Dark cloud discovery: Overlay of MeerKAT 21cm neutral hydrogen gas on a deep optical image.
An international team of astronomers led by Gyula Józsa, and Michelle Cluver and Professor Thomas Jarrett from the Department of Astronomy at UCT, has utilized the South African MeerKAT telescope to discover a mysterious chain of hydrogen gas clouds the size of a massive galaxy. Indeed, the accumulation of so much elemental hydrogen without associated stellar components is the largest yet discovered. Appearing at the edge of a relatively massive group of galaxies, there is the possibility that the cloud chain is gas stripped from group-member galaxies, but it may also be primordial and gravitationally drawn into the group through a cosmic filament pathway. Whatever the case, MeerKAT is proving to be a ground-breaking telescope, and this "dark" cloud discovery should soon be followed by many such discoveries in the exciting days ahead.
Where are the stars?
Professor Tom Jarrett comments on the discovery: " It is very puzzling to see such a massive and large gas cloud without a "host" galaxy, or simply, where are the stars? The hydrogen is the fuel for star formation, and so where you have a lot of hydrogen, amassed into a dense object, you have stars (or better, a galaxy of stars). So it is quite a discovery. Other "dark" clouds have been seen of course, going back decades, but nothing this large or concentrated like a big galaxy. What I think is that these things exist, perhaps in large numbers, but it required a new and amazing telescope -- MeerKAT -- to finally see them.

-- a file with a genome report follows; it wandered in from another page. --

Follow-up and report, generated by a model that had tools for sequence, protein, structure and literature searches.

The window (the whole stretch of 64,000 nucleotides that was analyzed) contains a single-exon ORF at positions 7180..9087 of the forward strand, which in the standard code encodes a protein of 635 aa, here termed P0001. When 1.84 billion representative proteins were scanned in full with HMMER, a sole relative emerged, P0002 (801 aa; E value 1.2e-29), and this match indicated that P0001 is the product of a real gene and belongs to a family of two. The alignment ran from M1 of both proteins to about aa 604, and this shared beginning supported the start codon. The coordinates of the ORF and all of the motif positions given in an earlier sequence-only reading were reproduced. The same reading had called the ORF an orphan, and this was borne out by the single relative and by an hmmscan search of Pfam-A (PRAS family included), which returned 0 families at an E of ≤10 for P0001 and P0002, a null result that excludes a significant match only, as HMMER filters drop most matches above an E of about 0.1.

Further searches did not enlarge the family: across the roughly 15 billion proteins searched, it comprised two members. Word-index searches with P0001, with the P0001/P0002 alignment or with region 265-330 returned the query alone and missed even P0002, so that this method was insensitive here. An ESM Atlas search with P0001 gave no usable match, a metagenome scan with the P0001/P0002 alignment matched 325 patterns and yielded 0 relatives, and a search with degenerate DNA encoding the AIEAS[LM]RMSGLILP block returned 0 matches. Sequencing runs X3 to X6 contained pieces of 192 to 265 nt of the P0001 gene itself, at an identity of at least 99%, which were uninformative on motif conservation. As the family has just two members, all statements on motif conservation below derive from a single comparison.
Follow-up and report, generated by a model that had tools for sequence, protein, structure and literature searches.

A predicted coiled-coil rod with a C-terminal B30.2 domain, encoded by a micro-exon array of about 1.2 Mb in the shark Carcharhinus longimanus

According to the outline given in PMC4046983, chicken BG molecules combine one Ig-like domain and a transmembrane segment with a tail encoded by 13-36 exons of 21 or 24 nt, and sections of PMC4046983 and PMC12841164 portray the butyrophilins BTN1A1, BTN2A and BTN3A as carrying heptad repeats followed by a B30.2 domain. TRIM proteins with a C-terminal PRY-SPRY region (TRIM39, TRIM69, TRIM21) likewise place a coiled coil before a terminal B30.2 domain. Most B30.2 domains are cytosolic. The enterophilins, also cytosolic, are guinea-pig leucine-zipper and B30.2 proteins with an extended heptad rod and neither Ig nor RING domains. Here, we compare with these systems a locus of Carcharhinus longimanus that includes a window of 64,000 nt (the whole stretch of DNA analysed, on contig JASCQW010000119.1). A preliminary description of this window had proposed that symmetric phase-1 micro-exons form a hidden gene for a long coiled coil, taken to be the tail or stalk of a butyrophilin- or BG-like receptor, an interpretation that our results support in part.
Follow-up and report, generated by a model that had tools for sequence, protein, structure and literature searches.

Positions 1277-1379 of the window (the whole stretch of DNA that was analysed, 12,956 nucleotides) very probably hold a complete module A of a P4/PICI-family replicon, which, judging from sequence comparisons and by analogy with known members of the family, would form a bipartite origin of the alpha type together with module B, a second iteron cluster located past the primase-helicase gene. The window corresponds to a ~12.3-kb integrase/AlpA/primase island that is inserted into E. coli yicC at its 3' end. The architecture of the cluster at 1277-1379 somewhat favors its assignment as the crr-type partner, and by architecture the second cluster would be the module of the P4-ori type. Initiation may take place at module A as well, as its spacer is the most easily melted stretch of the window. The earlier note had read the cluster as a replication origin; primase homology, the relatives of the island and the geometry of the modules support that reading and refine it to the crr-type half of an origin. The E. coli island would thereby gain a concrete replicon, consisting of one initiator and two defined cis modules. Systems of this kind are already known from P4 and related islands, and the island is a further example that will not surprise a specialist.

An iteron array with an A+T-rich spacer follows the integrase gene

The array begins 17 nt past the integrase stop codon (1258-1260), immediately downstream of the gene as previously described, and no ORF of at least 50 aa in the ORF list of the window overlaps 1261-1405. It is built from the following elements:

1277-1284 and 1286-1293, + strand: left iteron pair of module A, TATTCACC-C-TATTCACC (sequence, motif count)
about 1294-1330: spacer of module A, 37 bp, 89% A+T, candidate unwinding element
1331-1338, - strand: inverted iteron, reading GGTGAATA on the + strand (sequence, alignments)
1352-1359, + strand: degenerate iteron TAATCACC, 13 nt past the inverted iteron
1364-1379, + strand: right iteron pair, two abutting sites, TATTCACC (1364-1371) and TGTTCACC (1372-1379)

What is next for us is to figure out how this cloud came to be, and where it is going, its fate if you will. It could be the detritus from a titanic collision between two galaxies, stripping and separating the gas from the stars. But we really don't see the progenitors, the two (or however many) galaxies that did this. They could be there, just hiding somehow. Alternatively, it could be more pristine (primordial) gas that has been flowing through the filament of the cosmic web, into the "attractor" that it appears to be aimed. This gravitational attractor is a massive galaxy group (many galaxies, bound together to form a group). We need deeper MeerKAT observations, and a deeper optical imaging to dig down into the fainter stuff to see if we can discern any gas or star "trails" that point to a past tidal disturbance."
How long have they been working on this: The project started 5 years ago, in 2016, with investigation of a particular region of the sky called G23 (GAMA Field 23), in which we have optical redshifts and infrared imaging. We have been working on understanding the galaxy distribution and evolution (papers published). We then proposed MeerKAT observations (in 2019) to go after a cosmic filament in our field, a very interesting large scale object in its own right, worthy of additional study. These observations were proposed by Prof. Michelle Cluver (Swinburne University), who is a proud and awesome graduate of UCT (both undergrad, and PhD). Once the data were reduced, we started the analysis.
Strange Looking object - blobby - observed